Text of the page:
Raiders owner Mark Davis, it seems, is interested in moving his team to Las Vegas.
Not Los Angeles. Las Vegas.
He might have better luck with the moon or Mars.
“He’s not going anywhere,” CBS Sports NFL analyst Jason La Canfora said on CBS Sports Radio’s Tiki and Tierney. “He has zero leverage. He’s going to do a one- or two-year lease in the craphole that he’s in, and at some point he’ll realize the best way to aid that franchise would be to put all of his energy into getting a partner with him who can help him build in the Bay Area. They want two teams in the Bay Area. They don’t want a team in San Antonio, they don’t want a team in San Diego, and their stance on Las Vegas is pretty unequivocal. So he’s going to get 23 other votes to go to Vegas, (and the league is going to say), ‘Okay, here’s your relocation fee: $3 billion. Have fun, Mark.’ It’s kind of silly, really.”
La Canfora said the NFL would prefer the Raiders to stay in Oakland.
“They don’t always get what they want,” he said, “but they certainly control this process. Does he want to file an anti-trust suit? Does he want to try to take them to federal curt and get tied up in all the stuff his dad did that often didn’t work? I just don’t see it happening. Look, I think the league’s stance on Vegas is out of date and a little bit silly, but I’m not one of the 32 people that have a say in it – and they’ve never wavered. Look how much money they’ve spent fighting the little prop bets and teasers in Jersey and Delaware. They’ve spent millions and millions of dollars on lobbyists to come in and try to crush that, and they’re going to let Mark Davis move to Vegas? (It’s not going to happen).”
In other news, Peyton Manning continues to deny Al Jazeera allegations that he used HGH. That’s all well and good, but Brandon Tierney has noticed a stark contrast between the media’s handling of Tom Brady during DeflateGate and the media’s handling of Manning during the Al Jazeera allegations. Specifically, it seemed that media were turning over every rock and exhausting every avenue with Brady, but that hasn’t been the case with Manning. Instead, Manning is asked a few questions about it, denies the allegations, and reporters move on.
Why the discrepancy?
“Well, I think a lot of the way Brady was pursued was from some of the erroneous stories that got out there,” La Canfora said. “My only inclination is (they) were leaked from somebody at the league with an agenda or otherwise. When you start hearing stuff as games are still being played, as the playoffs are still going on, I think the claws were out. Certainly we didn’t hear the league coming out and saying, ‘Oh, no, that’s not right.’ You didn’t have the league making a whole lot of statements trying to keep things on the rails, and so the whole thing got off the rails. I think it’s also the Patriots because of Spygate and the specter of their past. You don’t really get the benefit of the doubt. Peyton’s always been looked at as incredibly squeaky clean.”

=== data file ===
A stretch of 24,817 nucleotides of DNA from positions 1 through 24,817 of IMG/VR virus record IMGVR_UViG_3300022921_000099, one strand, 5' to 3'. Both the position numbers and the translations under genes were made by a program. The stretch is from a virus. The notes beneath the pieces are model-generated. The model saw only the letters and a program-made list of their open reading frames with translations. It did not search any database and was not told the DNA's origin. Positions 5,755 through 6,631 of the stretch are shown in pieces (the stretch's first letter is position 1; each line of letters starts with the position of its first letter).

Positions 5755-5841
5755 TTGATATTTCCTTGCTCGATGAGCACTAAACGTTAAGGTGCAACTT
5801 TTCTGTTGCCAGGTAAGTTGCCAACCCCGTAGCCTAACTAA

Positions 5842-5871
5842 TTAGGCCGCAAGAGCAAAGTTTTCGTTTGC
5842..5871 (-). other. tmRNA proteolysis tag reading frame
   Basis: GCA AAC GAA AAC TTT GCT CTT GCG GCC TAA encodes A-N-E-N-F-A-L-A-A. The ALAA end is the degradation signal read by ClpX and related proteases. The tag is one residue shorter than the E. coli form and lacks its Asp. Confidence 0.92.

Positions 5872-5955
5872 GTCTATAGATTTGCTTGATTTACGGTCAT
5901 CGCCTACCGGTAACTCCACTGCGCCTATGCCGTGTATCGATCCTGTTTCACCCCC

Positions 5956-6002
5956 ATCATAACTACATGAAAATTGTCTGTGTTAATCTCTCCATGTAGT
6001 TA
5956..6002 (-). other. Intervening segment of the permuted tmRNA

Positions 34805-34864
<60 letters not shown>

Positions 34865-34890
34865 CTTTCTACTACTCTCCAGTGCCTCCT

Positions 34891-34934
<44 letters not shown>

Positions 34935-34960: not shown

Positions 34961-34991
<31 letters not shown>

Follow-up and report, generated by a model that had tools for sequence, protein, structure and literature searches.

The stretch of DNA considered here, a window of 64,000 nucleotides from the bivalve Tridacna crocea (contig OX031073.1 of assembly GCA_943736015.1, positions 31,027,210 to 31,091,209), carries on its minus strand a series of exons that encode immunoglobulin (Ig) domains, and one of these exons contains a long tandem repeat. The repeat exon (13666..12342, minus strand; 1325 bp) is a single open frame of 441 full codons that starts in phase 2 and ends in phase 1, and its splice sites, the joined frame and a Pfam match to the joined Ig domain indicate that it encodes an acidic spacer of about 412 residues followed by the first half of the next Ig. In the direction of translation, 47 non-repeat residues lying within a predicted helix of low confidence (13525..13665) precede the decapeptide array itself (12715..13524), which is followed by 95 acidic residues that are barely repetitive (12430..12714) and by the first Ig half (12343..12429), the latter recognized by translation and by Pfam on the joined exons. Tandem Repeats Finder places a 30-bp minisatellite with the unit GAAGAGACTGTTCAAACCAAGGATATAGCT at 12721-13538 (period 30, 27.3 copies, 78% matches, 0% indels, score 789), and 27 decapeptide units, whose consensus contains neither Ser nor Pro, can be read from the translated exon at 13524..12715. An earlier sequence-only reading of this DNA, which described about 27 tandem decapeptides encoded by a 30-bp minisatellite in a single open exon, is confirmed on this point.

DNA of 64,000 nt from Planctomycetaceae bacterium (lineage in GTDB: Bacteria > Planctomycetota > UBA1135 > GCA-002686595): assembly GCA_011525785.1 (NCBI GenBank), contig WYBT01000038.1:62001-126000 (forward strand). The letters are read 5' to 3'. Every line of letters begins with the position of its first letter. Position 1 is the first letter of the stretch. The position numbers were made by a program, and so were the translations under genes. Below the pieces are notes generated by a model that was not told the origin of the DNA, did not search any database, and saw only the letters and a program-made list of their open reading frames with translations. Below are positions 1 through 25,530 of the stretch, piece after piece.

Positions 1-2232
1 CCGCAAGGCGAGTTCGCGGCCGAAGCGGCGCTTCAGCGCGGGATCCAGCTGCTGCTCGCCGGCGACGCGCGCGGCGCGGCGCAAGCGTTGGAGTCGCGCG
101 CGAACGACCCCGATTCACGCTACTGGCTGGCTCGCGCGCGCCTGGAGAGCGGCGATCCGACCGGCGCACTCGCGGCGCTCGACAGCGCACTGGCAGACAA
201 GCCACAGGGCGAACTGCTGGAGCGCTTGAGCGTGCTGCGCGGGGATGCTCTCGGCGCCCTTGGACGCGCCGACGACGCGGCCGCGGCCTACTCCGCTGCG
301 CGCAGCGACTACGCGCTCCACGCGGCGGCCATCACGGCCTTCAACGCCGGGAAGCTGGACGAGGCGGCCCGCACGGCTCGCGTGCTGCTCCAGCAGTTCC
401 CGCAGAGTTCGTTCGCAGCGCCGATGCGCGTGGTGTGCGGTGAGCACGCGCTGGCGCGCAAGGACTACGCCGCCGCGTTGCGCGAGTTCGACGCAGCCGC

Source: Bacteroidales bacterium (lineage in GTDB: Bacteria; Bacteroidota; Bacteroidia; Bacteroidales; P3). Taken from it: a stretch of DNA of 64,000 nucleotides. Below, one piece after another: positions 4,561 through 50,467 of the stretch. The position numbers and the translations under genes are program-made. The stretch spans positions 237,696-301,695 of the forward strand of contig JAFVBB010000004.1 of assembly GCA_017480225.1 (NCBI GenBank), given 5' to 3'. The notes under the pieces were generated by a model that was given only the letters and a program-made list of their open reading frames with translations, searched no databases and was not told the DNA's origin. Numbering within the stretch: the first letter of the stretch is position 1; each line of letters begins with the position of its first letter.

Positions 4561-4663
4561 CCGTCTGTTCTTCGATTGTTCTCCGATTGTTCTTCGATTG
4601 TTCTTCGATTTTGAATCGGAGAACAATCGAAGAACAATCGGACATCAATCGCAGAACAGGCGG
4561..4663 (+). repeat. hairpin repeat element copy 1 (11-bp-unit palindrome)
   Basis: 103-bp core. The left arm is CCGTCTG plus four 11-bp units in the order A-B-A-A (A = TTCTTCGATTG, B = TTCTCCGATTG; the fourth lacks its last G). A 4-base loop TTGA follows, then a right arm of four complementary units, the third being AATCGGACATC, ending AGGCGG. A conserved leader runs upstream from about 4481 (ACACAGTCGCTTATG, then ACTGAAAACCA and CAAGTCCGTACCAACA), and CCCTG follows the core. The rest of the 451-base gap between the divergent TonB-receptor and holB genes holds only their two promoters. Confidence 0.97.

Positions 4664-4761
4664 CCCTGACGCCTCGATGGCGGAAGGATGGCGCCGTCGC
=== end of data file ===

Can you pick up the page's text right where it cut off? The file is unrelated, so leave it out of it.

There’s another reason that deflated balls carry more weight, no pun intended, than HGH: people care a lot more about cheating than drug use in the NFL.
“I just don’t think people care,” La Canfora said. “Do you think people really care about HGH in the NFL? They care in baseball because it skewed a historical prism to a point where you could no longer look at the game the same way. Guys have been using steroids in the NFL since the ’70s. We don’t want to know how the sausage is made in the NFL. We expect these guys to be super heroes. You want your baseball players to kind of look somewhat normal. When they started looking like super heroes, people got freaked out. We expect super heroes in football. We expect people to do supernatural things every Sunday. We expect them to put their body through rigors. But you don’t want to know about Monday to Saturday in the NFL. You want to enjoy Sunday.”